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Pavlik hopes he's on the road back to the summit, with Loew driving
TRAINING DAYS:
Jack Loew and Kelly Pavlik
are ready to make a run at 168

Saturday night, while the entire boxing world waits to get another look at its most compelling fighter, Manny Pacquiao, Kelly Pavlik will be attempting to grab some eyes himself.  He’s been on the shelf for a year after losing the middleweight title to Sergio Martinez and checking into rehab.  For Pavlik, his fight Saturday night against Alfonso Lopez represents a new chapter in his career.  He’s at a new weight class that is stock full of excellent fighters, albeit one lacking a true superstar. 

 

Aside from Lucian Bute, Pavlik may be the most popular fighter in the division.  His task is to win Saturday, and win big.  Pavlik knows that even though he’s on the undercard, the pressure to look good is enormous.  I spoke with Pavlik’s trainer, Jack Loew, earlier this week.  He knows as well as anyone how crucial the fight is.  Lopez is undefeated, but has fought absolutely no one of note.  Still, Loew says they aren’t taking him lightly.

 

“The thing about a kid like this is that he’s hungry, and we’re giving him the opportunity of a lifetime.  We’re going to come out and actually box this kid.  We’re going to let him make some mistakes.  He’s never been on this kind of stage, and we’re going to see how he adapts when Kelly hits him.”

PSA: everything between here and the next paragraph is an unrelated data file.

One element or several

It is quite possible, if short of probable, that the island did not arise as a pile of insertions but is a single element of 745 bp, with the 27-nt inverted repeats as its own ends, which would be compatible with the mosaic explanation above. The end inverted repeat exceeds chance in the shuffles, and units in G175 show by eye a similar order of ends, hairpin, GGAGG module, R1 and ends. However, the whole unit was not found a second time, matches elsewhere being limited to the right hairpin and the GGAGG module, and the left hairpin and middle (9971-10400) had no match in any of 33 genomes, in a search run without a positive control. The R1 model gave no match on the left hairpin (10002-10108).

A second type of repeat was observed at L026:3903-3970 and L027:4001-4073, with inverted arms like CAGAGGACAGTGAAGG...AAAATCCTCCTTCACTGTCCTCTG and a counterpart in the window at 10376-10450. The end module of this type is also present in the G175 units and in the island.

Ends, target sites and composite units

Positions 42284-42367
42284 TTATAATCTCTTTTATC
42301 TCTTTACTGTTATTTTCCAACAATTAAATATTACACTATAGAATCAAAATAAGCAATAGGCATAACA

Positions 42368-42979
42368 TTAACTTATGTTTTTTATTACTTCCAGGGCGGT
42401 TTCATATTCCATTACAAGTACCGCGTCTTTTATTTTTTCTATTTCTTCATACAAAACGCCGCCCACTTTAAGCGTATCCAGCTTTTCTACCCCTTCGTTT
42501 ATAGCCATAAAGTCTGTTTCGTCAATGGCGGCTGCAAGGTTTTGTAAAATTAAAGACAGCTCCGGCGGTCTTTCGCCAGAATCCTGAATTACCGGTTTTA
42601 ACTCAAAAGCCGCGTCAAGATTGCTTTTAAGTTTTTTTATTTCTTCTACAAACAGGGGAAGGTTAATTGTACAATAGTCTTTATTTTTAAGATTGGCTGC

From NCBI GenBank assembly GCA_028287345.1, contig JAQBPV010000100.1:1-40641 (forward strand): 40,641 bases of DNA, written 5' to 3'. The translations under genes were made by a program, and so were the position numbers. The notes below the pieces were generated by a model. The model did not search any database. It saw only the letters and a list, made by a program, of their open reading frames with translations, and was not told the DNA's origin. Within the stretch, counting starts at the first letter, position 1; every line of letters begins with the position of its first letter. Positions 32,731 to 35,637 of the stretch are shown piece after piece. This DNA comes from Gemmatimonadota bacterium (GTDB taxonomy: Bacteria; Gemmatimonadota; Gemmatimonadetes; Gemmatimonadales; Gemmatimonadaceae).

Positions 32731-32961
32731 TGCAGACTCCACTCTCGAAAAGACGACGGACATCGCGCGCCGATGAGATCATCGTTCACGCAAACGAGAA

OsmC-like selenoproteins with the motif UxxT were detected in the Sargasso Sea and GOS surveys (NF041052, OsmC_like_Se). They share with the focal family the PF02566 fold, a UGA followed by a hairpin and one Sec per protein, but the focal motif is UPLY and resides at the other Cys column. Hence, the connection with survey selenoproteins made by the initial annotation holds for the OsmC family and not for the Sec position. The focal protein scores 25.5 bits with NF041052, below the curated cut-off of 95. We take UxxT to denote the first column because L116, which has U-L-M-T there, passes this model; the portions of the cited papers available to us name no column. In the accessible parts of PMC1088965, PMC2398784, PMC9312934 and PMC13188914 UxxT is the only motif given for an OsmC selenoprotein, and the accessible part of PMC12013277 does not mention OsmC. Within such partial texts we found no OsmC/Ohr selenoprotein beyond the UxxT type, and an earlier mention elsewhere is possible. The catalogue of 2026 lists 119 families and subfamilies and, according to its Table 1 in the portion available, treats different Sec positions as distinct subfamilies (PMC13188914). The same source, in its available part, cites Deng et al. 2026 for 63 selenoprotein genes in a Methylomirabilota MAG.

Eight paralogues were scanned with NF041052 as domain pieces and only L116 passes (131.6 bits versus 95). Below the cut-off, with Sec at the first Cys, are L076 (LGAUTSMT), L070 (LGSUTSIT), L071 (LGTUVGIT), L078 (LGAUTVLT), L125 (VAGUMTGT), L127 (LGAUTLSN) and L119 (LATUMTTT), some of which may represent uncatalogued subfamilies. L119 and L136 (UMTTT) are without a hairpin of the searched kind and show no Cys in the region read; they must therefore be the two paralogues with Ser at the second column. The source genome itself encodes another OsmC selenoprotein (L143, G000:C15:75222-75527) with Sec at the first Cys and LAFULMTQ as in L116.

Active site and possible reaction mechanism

The most common result when Pavlik hits his opponent is either unconsciousness or an immediate wish to not be hit again.  His power has carried him to the pinnacle of the sport.  He’s scored knockouts in 32 of his 38 fights, including a sensational one-punch drilling of then undefeated champion Jermain Taylor.  His only two losses came to Bernard Hopkins at 170 and then Martinez. 

 

  The knock on Pavlik is the claim that he can’t deal well with “movers,” guys who can box well with good footwork.

“Lopez is going to try and box and move because Hopkins and Martinez were able to do it, but there’s a difference between them and Lopez.  We’re ready for whatever he wants to do.  I expect Kelly to set up his big shots and knock him out.”

 

      Pavlik fought Bernard Hopkins at a 170 pound catch weight, but he looked lethargic from the opening bell.  I asked Loew if there was any concern that Kelly would look the same way at 168.

  

    “I did not like the Hopkins fight, not that I was worried, but because I thought either way it would do more harm than good.  If we won, we were beating an old man, and if we lose, we’re going to get shredded.  Kelly was sick, he had bronchitis, which is all documented, but we went ahead with the fight anyway.  We were in a no-win situation.”

 

What’s the difference between then and now?

“Well we knew we were coming back to 160.  We went up and we fought, and we made a boat-load of money.  Now, we know where we’re at, and we’ve gotten there in a little different way.  He’s got so much energy now.  Everything he’s done, he’s done the right way this time.”

 

 Pavlik spent time this winter at the Betty Ford clinic battling an alcohol problem.  This wasn’t his first stint in rehab.  In fact, he was there shortly before the Martinez fight, which isn’t the best way to prepare for a guy who looks like he’d dance around Godzilla before beating his ass.  I wanted to know if Loew saw any difference in Pavlik since his return this time around.